Use your own plants as a seed source. Many annual, perennial and herb flower seeds grown over the summer are easy to collect, store and use next spring. Cut off mature, dried seed heads from milkweed seed pods, moonflowers, cosmos, zinnias, dill and garlic chives. Break open and shake seeds into a paper bag and transfer to jars or envelopes. Label, then store in a cool, dry place.
Mid- to late fall is a great time to directly seed outdoors native wildflowers, grasses and perennials. Carefully read seed packages and avoid seeds of plants that become invasive.
Winterize hardy water lilies so the rhizomes don’t freeze or dry out by lowering them to the deepest part of the pond (at least a foot or more) or move them into a garage or cellar where temperatures remain around forty degrees.
After a few freezing nights, dig up non-winter-hardy summer bulbs, including gladiola, cannas, tuberous begonias and dahlia. Dry for a few days and place in boxes or crates filled with sawdust, vermiculite or perlite in a cool, dry place where they will not freeze over the winter.
Get in your sprinkler company’s queue if you’re not a DIY and schedule draining and winterizing water features and automatic sprinkler systems.
Many homeowners choose to drain their pipes or use an air compressor to prepare automatic sprinkler systems for winter protection. Be aware that some compressors may not have the appropriate pressure and air volume needed to completely blow out all the water. If not blown out completely, costly damage can cause pipes, fittings or pumps to crack or burst. Too much air pressure may cause the nozzles to blow off.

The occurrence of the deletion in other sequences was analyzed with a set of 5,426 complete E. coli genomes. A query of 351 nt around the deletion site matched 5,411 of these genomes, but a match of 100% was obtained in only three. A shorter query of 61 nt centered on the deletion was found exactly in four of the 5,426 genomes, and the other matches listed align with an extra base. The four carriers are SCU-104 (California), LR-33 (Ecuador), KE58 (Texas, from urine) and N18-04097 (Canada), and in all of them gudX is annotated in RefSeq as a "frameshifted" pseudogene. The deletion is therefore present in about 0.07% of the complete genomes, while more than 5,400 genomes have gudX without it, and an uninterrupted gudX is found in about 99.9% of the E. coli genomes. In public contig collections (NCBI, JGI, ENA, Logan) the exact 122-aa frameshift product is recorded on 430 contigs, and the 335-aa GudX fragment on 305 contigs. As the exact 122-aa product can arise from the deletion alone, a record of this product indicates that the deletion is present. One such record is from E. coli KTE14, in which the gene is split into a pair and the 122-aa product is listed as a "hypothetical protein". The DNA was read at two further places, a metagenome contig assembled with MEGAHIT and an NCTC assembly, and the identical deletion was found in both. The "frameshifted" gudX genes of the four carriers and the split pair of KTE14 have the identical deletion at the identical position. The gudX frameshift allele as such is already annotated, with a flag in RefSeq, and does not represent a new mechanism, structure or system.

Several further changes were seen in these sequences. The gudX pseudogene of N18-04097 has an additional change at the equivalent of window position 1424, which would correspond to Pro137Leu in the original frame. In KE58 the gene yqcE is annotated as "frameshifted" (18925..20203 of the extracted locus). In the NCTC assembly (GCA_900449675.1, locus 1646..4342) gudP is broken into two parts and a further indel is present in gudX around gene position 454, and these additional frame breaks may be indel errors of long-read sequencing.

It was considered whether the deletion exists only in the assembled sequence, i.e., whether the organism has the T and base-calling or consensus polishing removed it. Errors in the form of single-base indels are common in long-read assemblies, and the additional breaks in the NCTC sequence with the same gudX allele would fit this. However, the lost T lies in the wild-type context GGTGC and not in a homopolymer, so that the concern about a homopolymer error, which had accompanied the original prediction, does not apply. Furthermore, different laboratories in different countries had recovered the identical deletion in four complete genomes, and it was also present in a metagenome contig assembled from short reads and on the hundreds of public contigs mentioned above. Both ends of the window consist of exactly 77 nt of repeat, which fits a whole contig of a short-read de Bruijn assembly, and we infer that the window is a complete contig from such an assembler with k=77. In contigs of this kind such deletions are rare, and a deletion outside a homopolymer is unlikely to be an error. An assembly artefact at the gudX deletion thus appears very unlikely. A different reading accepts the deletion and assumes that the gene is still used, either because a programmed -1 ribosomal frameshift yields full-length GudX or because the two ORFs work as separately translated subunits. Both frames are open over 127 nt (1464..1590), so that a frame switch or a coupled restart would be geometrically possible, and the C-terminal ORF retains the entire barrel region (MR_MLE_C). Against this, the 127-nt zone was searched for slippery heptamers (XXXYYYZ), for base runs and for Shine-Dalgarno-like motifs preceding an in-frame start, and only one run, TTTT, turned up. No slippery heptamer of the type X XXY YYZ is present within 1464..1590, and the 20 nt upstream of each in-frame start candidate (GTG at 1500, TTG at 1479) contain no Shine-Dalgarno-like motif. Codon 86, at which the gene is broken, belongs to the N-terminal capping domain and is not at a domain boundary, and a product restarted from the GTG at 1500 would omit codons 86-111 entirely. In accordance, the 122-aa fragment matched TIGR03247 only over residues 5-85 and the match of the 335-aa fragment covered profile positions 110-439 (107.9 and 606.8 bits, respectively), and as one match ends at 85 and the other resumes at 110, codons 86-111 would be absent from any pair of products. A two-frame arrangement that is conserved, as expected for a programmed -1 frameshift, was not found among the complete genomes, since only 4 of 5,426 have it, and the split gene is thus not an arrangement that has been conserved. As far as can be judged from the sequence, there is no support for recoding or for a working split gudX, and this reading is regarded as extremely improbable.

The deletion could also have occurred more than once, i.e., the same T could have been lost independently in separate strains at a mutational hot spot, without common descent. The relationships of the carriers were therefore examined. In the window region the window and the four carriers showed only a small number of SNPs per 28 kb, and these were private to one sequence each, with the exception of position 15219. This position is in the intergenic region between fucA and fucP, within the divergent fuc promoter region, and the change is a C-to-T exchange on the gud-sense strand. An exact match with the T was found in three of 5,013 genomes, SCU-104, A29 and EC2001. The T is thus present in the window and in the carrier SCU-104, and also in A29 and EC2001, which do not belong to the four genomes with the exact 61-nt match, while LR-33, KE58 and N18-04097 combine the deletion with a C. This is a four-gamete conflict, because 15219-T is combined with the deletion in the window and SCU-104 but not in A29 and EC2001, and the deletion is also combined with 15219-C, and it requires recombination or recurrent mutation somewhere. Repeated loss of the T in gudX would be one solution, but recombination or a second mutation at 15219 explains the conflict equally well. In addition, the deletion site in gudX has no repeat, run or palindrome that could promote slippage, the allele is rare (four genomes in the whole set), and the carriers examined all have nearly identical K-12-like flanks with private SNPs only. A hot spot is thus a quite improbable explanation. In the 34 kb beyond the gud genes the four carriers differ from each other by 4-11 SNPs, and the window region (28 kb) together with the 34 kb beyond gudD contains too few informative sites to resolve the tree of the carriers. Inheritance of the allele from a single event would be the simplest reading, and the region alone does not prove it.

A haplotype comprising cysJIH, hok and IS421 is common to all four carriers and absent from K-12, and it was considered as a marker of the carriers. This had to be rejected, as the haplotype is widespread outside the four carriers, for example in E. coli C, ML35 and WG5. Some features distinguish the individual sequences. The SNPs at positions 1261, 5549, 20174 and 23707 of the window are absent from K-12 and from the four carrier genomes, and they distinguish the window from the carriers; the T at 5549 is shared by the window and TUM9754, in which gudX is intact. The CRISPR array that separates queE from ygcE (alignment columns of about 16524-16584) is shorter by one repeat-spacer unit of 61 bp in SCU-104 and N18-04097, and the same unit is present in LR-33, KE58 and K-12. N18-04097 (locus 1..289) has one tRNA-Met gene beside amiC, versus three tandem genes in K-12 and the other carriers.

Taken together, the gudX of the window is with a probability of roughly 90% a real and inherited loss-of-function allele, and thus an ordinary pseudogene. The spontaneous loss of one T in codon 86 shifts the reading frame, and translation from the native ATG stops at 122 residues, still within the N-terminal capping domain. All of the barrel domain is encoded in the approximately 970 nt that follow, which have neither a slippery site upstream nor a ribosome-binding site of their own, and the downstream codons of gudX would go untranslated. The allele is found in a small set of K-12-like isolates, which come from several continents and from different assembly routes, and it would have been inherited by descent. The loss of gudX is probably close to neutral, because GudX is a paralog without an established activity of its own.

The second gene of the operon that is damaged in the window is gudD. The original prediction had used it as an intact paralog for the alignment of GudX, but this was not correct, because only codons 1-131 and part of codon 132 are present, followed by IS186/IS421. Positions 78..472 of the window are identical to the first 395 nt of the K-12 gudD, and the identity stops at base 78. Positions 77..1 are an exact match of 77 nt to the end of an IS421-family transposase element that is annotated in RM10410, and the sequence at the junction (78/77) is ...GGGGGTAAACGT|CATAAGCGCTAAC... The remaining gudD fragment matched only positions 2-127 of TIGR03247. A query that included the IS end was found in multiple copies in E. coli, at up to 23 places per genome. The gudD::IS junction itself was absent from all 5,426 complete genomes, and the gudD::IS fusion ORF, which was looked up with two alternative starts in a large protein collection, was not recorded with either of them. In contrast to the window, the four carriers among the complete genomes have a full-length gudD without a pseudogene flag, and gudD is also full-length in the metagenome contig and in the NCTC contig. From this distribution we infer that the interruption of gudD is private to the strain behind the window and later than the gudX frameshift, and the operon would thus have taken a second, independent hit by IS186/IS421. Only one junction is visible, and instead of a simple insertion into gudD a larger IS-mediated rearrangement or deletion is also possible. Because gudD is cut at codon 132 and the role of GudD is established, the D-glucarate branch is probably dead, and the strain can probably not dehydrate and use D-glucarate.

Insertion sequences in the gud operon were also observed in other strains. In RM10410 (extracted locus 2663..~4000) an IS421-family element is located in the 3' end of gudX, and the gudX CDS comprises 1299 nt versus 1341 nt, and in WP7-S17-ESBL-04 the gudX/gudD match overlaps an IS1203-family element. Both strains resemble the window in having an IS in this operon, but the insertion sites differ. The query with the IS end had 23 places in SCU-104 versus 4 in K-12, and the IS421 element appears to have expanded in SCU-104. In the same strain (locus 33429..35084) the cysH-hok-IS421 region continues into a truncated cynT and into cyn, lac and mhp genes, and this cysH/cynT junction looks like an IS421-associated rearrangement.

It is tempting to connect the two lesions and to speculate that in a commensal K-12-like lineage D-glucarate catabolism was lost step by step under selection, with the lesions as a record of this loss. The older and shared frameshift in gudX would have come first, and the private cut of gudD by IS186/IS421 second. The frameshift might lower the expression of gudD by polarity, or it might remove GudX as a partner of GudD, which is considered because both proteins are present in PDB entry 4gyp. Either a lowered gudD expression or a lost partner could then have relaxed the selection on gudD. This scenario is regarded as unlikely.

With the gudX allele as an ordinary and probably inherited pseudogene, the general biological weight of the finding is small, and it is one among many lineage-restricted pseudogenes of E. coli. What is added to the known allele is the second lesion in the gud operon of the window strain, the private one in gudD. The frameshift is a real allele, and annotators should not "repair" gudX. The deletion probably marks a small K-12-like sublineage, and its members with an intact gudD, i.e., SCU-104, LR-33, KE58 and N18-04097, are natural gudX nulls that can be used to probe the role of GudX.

Air compressor pounds per square inch should range from 40 to 80 pounds, depending on the type of pipes (rigid PVC or flexible black pipe) and nozzles installed on the system. Check the manufacturer’s home page for the ratings. Also, if just relying on draining the system, know that over time sprinkler lines may settle, creating low spots and possible areas for water to remain in the pipes.
Fall lawn aeration followed by fertilization is very beneficial before winter. The fertilizer moves into the holes left from the plugs and gets right to the root system. Be sure the lawn is moist to pull deeper plugs. Water the lawn a day or two prior to aeration.